She adds, “Since it was established the BHF has helped halve the number of people dying from heart and circulatory diseases in the UK each year, but sadly every day hundreds of people still lose their lives to these conditions. It’s only thanks to support from people like us that BHF-funded researchers can help create new treatments. £24 could pay for two hours of research by an early career scientist, but every pound helps so I wanted to take on this challenge to do as much as I can for people living with heart conditions.”

Alex’s partner, Sophie’s sister Hollie says, “I could not be prouder of my sister for getting out there and doing something she has never done before. More than anything I would like her to be proud of herself and realise how far she has come. Like many students, Soph has been struggling with her mental health since starting her degree during the height of covid. It really took its toll on her. However, she has used this triathlon as a challenge to help her overcome her struggles.

“When Sophie mentioned she would like to do the Triathlon for the British Heart Foundation, Alex and I were choked by the gesture, as the charity has been of huge support to us and our families over the last few years.

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“In November 2019, Alex was sat in an army medical room unaware that he was waiting to be told that his life was not going to turn out how he planned it to be. The medical uncovered the signs of a congenital heart condition known as a bicuspid aortic valve which caused the dilation of his ascending aorta. Through many consultations and appointments, it was clear that Alex required urgent treatment.

“In October 2020, with a number of setbacks due to the coronavirus global pandemic, Alex finally underwent open heart surgery at the age of 24. Since, his surgery, Alex has made a speedy recovery, and although the dream of an army career has been halted, he is able to live his life as close to normal as possible and looks to join Sophie in her next Triathlon Event, whenever that maybe.

“Both our families have recognised that without the support, research and aid offered from the British Heart Foundation and the cardiac specialist, the outcome of Alex’s story would be very different.”

Jayne Lewis BHF Fundraising Manager said: “We are so grateful to Sophie for supporting the BHF’s research. For more than 60 years the public’s generosity has funded BHF research that has turned ideas that once seemed like ‘science fiction’ into treatments that save lives every day. But millions of people are still waiting for the next breakthrough.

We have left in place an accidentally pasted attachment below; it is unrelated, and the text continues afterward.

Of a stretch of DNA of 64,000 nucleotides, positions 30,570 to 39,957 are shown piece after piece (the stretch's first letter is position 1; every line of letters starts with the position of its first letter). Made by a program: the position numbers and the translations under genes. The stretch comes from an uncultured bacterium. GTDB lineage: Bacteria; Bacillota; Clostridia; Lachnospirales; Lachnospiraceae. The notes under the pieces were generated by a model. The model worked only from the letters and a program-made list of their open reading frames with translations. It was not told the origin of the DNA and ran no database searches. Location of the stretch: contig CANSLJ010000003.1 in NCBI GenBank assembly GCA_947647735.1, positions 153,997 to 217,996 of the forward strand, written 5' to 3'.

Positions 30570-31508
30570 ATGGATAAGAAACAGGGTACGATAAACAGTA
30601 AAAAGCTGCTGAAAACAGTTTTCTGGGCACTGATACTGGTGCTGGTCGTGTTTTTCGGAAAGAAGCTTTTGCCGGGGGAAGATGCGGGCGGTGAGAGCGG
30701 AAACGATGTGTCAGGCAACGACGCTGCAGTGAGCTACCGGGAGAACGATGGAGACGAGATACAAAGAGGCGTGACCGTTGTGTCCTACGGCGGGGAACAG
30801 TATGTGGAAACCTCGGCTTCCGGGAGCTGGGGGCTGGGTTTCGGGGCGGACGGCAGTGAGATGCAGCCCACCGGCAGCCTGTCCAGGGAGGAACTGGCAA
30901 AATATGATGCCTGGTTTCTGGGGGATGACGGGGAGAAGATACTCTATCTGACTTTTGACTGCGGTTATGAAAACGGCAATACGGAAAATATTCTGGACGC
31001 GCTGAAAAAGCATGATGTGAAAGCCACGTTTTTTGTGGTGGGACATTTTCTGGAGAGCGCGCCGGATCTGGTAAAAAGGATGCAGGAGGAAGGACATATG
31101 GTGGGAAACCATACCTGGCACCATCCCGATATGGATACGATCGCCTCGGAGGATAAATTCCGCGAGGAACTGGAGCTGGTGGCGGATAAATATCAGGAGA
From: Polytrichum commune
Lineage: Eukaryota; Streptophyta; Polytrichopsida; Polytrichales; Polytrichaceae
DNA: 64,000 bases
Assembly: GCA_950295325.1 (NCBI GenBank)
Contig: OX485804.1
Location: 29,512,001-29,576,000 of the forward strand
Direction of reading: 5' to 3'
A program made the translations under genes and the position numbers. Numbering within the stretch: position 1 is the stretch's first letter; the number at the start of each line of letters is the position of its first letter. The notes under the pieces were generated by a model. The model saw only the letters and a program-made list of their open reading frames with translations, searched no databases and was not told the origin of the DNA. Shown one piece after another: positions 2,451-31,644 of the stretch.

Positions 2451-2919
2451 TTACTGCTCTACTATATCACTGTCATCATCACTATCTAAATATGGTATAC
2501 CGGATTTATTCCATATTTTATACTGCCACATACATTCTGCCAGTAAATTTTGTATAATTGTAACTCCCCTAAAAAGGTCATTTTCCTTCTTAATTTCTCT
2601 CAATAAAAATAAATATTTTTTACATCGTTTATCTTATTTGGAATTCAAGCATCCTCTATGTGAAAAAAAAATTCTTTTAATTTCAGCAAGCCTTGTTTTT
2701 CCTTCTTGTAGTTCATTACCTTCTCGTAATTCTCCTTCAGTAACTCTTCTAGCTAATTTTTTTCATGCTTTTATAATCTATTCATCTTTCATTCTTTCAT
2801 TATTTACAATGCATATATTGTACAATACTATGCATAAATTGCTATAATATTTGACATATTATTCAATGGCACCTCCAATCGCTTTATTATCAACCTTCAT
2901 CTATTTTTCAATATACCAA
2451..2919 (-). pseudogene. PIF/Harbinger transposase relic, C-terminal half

“Today in Wales around 340,000 people are living with the daily burden of heart and circulatory diseases. We urgently need the public’s support to keep our lifesaving research going, and to discover the treatments and cures of the future. It is only with donations from the public that the BHF can keep its lifesaving research going, helping us turn science fiction into reality.”

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To support Sophie, go to: www.justgiving.com/fundraising/sophie-taylor91

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Education

Funding for music education trebled to the tune of £13.5m

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Every child will have the opportunity to benefit from music education the Welsh Government have announced as part of plans for a national music service.

As the National Plan for Music Education is published, the Minister for Education has confirmed funding will be trebled, with £13.5m being invested over the next three years.

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The Government say the plan will make access to music education fairer and more consistent across Wales, with a particular focus on learners from low-income households and those with Additional Learning Needs.

Support will be available for children and young people to access and progress with music tuition, with learners from disadvantaged and under-represented groups supported to join music ensembles.

The plan includes a review on music tutors’ terms and conditions, to ensure they are treated equitably and are recognised properly.

It also includes a ‘First Experiences’ programme to offer children in primary schools a minimum of half a term of musical instrument taster sessions, delivered by trained and skilled music practitioners.